10. Ding, J., Okada, S., Jorgensen, J. O. & Kopchick, J. J. (2011). Novel serum protein biomarkers indicative of growth hormone doping in healthy human subjects. Proteomics 11, 3565-71.
  11. Ding, J., Berryman, D. E., Jara, A. & Kopchick, J. J. (2012). Age- and sex-associated plasma proteomic changes in growth hormone receptor gene-disrupted mice. Journals of Gerontology. Series A, Biological Sciences and Medical Sciences 67, 830-40.
  12. Liu, Y., Cao, Y., Zhang, W., Bergmeier, S., Qian, Y., Akbar, H., Colvin, R., Ding, J., Tong, L., Wu, S., Hines, J. & Chen, X. (2012). A small-molecule inhibitor of glucose transporter 1 downregulates glycolysis, induces cell-cycle arrest, and inhibits cancer cell growth in vitro and in vivo. Mol Cancer Ther 11, 1672-82.
  13. Ding, J., Sackmann-Sala, L. and Kopchick, J., Mouse models of growth hormone action and aging: A proteomic perspective, Proteomics. 2013 Feb;13(3-4):674-85.
  14. Ding, J & Sullivan, D. A. (2012). Aging and dry eye disease. Exp Gerontol 47, 483-90.
  15. LiuS, Kam WR, Ding J, Hatton MP, Sullivan DA, Effect of growth factors on the proliferation and gene expression of human meibomian gland epithelial cells, Invest Ophthalmol Vis Sci. 2013 Apr 5;54(4):2541-50.
  16. Ding, J., Kam, W., Dieckow, J., Sullivan, D.A., The influence of 13-cis Retinoic Acid on Human Meibomian Gland Epithelial Cells, Invest Ophthalmol Vis Sci. 2013 May 30. 54(6):4341-50, doi:pii: iovs.13-11863v1. 10.1167/iovs.13-11863.
  17. Ding, J., Sullivan, D. A. (2014), The effects of insulin-like growth factor-1 and growth hormone on human meibomian gland epithelial cells. JAMA Ophthalmology, 132(5):593-9
  18. Liu, Y., Kam, W. R., Ding, J., Sullivan, D. A., One man’s poison is another man’s meat Using azithromycin-induced phospholipidosis to promote ocular surface health. Toxicology, 2014 Mar 6;320C:1-5.
  19. David A. Sullivan, Yang Liu, Wendy R. Kam, Juan Ding, Karin M. Green, Scott A. Shaffer, Mark P. Hatton and Shaohui Liu, Serum-induced differentiation of human meibomian gland epithelial cells, Investigative ophthalmology & visual science, 2014, 55(6):3866-77
  20. Liu Y, Kam WR, Ding J, Sullivan DA. Effect of azithromycin on lipid
    accumulation in immortalized human meibomian gland epithelial cells. JAMA
    Ophthalmol. 2014 Feb;132(2):226-8.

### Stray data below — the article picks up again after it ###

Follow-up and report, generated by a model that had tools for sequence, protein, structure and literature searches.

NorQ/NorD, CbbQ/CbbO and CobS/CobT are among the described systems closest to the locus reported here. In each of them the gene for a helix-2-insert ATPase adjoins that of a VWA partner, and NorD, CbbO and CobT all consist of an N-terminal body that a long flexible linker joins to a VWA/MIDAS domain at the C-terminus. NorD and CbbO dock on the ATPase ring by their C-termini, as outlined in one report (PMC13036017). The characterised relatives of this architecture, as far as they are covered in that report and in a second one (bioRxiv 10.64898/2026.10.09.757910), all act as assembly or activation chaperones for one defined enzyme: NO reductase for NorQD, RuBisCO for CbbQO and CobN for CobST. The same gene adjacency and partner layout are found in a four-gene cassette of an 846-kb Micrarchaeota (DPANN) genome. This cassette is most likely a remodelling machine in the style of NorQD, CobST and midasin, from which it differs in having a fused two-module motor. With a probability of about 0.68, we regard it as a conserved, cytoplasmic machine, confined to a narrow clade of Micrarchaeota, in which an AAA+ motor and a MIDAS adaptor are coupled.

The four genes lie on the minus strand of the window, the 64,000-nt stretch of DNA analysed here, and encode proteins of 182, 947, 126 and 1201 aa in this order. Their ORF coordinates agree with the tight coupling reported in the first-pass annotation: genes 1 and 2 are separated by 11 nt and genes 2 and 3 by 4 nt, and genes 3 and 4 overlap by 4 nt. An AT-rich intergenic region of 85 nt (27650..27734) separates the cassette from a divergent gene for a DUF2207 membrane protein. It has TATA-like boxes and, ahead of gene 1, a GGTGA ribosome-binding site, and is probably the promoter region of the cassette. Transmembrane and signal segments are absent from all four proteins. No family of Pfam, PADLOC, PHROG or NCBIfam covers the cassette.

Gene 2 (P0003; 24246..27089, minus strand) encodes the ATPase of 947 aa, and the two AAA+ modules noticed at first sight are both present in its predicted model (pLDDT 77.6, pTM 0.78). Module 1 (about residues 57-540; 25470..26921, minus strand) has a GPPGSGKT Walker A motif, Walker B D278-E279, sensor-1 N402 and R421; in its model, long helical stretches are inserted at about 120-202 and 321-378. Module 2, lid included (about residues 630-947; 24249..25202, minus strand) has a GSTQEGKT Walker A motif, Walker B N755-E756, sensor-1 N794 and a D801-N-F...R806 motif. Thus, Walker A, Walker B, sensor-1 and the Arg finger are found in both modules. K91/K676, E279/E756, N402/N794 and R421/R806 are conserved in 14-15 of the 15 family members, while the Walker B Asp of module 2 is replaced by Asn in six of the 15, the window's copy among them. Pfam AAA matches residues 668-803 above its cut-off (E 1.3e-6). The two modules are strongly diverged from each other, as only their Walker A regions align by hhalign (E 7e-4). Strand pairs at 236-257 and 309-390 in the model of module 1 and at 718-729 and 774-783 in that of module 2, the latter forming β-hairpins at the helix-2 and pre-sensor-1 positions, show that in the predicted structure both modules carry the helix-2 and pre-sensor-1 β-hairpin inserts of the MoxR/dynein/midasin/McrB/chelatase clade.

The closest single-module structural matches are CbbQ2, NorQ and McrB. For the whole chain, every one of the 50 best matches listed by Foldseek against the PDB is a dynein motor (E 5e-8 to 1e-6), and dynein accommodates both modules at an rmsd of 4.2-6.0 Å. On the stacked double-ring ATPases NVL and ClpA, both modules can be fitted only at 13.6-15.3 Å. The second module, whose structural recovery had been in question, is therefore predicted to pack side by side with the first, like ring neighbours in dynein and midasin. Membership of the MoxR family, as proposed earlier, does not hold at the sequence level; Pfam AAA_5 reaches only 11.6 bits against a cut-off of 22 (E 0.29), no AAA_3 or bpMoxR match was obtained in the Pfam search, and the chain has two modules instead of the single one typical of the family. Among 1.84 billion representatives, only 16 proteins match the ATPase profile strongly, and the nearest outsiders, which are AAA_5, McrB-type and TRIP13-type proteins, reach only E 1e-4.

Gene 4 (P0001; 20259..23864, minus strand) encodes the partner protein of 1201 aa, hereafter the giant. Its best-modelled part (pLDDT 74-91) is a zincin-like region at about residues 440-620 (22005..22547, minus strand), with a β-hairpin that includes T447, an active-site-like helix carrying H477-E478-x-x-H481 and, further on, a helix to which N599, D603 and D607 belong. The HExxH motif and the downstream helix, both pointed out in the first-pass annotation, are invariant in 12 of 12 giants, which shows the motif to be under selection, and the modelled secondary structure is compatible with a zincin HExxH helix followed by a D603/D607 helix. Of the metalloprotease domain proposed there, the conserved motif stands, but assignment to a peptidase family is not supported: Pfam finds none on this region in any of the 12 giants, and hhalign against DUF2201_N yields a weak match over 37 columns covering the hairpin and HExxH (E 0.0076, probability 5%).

21. Yang Liu and Juan Ding, The combined effect of azithromycin and insulin-like growth factor-1 on cultured human meibomian gland epithelial cells, Invest Ophthalmol Vis Sci. 2014 Aug 14;55(9):5596-601. doi: 10.1167/iovs.14-14782.
  22. Juan Ding, Barbara Wirostko, David A. Sullivan, Human Growth Hormone Promotes Corneal Epithelial Cell Migration in Vitro, Cornea, 2015, PMID: 25782399
  23. Liu Y, Kam WR, Ding J, Sullivan DA. Can tetracycline antibiotics duplicate the ability of azithromycin to stimulate human meibomian gland epithelial cell differentiation? Cornea. 2015 Jan 21.
  24. Barbara Wirostko, MaryJane Rafii, David A. Sullivan, Julia Morelli, Juan Ding, Novel therapy to treat corneal epithelial defects: a hypothesis with growth hormone, The Ocular Surface, 2015, PMID:26045234
  25. Juan Ding, Yang Liu, David A Sullivan, Effects of Insulin and high glucose on cultured human meibomian gland epithelial cells, Invest Ophthalmol Vis Sci. 2015 Dec;56(13):7814-20
  26. Liu Y, Knop E, Knop N, Sullivan DA, List EO, Kopchick JJ, Kam WR, Ding J. Growth Hormone Influence on the Morphology and Size of the Mouse Meibomian Gland. J Ophthalmol. 2016;2016:5728071. doi: 10.1155/2016/5728071. Epub 2016 Feb 14
  27. Kam WR, Liu Y, Ding J, Sullivan DA. Do Cyclosporine A, an IL-1 Receptor
    Antagonist, Uridine Triphosphate, Rebamipide, and/or Bimatoprost Regulate Human Meibomian Gland Epithelial Cells? Invest Ophthalmol Vis Sci. 2016 Aug


Book Chapter

  • Ding J, Kopchick JJ (2011). Skeletal muscle. Laron Syndrome- From Man to Mouse (pp. 465-472). In Zvi Laron and John J. Kopchick (Eds.). Berlin: Springer